From here, the rescue of virtue reliabilism is straightforward: clearly when people use heuristics, they exercise some degree of cognitive ability. The recognition heuristic is better than chance, after all. So, when they get it right by using the recognition heuristic (or any other heuristic that works better than chance), they know what they truly believe. Note that this is a significant lowering of the threshold. As long as the cognitive agent is better than chance, she’s good enough. Her true belief might not be reliably produced (where reliability is understood to set a very high bar), but it is produced by a disposition that’s better than chance. Turri (in press) has convincingly argued that at least some cases of knowledge (such as knowledge produced by explanatory reasoning) are unreliably produced. His claim in this context is that true beliefs produced by heuristics are further examples of such knowledge
Pritchard (forthcoming) argues in a similar way that people who arrive at true beliefs via heuristics are knowers. For him, the key distinction is between robust and modest virtue epistemology. Robust virtue epistemology defines knowledge purely in terms of virtue. Modest virtue epistemology, by contrast, requires virtue only as a necessary – not a sufficient – condition for knowledge. For independent reasons, Pritchard rejects robust virtue epistemology, so he sees the fact that it is inconsistent with epistemic situationism merely as further evidence in favor of modest virtue epistemology. But is modest virtue theory threatened as well? Not according to Pritchard. The further condition he adds to knowledge is epistemic dependency, which has both positive and negative aspects:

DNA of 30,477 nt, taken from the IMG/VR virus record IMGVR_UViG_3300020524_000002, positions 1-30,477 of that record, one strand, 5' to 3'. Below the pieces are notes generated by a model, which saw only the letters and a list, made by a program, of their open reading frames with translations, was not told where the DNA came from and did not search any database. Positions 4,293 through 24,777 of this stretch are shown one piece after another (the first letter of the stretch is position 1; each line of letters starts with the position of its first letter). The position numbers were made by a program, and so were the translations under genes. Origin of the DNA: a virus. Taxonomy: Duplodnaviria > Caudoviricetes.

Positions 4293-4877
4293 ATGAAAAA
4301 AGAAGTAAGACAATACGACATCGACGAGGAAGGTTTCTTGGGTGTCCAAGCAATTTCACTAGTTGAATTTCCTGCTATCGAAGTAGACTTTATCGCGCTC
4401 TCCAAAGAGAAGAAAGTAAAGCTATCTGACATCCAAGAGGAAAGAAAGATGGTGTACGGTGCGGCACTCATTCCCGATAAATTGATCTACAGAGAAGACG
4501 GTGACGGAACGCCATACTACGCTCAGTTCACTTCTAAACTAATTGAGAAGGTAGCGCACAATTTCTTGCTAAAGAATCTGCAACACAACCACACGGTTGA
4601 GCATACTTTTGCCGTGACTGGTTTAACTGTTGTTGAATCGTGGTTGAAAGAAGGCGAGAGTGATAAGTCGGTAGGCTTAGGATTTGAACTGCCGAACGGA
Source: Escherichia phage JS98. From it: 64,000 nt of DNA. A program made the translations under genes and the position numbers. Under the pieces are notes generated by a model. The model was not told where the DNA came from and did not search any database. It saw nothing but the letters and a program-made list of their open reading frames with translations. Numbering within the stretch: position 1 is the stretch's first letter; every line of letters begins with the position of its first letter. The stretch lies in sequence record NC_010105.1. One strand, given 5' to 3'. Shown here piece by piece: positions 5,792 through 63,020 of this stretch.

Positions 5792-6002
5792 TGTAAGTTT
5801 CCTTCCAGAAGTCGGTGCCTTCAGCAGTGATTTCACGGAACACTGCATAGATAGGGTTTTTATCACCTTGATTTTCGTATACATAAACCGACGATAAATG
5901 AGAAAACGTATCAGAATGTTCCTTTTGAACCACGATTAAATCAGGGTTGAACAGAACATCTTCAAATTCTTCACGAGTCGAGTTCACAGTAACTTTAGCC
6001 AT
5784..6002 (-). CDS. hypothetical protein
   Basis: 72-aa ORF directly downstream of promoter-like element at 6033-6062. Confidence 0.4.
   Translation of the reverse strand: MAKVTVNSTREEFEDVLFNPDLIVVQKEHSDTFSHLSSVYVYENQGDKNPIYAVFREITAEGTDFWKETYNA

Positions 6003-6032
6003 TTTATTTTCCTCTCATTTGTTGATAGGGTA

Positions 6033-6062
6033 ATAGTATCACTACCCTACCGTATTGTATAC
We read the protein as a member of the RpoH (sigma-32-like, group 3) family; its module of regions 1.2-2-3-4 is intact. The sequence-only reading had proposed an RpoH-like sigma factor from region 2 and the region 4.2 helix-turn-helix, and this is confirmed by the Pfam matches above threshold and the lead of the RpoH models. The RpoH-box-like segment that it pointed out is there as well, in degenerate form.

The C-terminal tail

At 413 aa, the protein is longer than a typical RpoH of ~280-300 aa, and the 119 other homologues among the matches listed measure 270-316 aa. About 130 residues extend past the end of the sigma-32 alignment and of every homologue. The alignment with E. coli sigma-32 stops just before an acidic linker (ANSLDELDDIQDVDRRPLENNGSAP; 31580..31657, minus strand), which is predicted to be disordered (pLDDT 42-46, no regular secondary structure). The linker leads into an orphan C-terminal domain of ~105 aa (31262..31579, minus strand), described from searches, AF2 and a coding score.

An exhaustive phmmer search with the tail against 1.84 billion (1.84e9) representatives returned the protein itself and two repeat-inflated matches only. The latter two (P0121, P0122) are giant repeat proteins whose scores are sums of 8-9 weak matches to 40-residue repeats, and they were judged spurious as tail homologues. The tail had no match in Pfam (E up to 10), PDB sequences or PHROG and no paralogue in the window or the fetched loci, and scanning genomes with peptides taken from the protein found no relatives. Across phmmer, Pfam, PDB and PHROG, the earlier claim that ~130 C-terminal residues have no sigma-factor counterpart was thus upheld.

It is positive when an agent exhibits a relatively low degree of cognitive agency, and yet qualifies as having knowledge nonetheless due to factors outwith her cognitive agency, such as epistemically friendly features of the environment. […] And it is negative when an agent exhibits a high degree of cognitive agency – such that they would ordinarily count as having knowledge – and yet they lack knowledge nonetheless due to factors outwith their cognitive agency.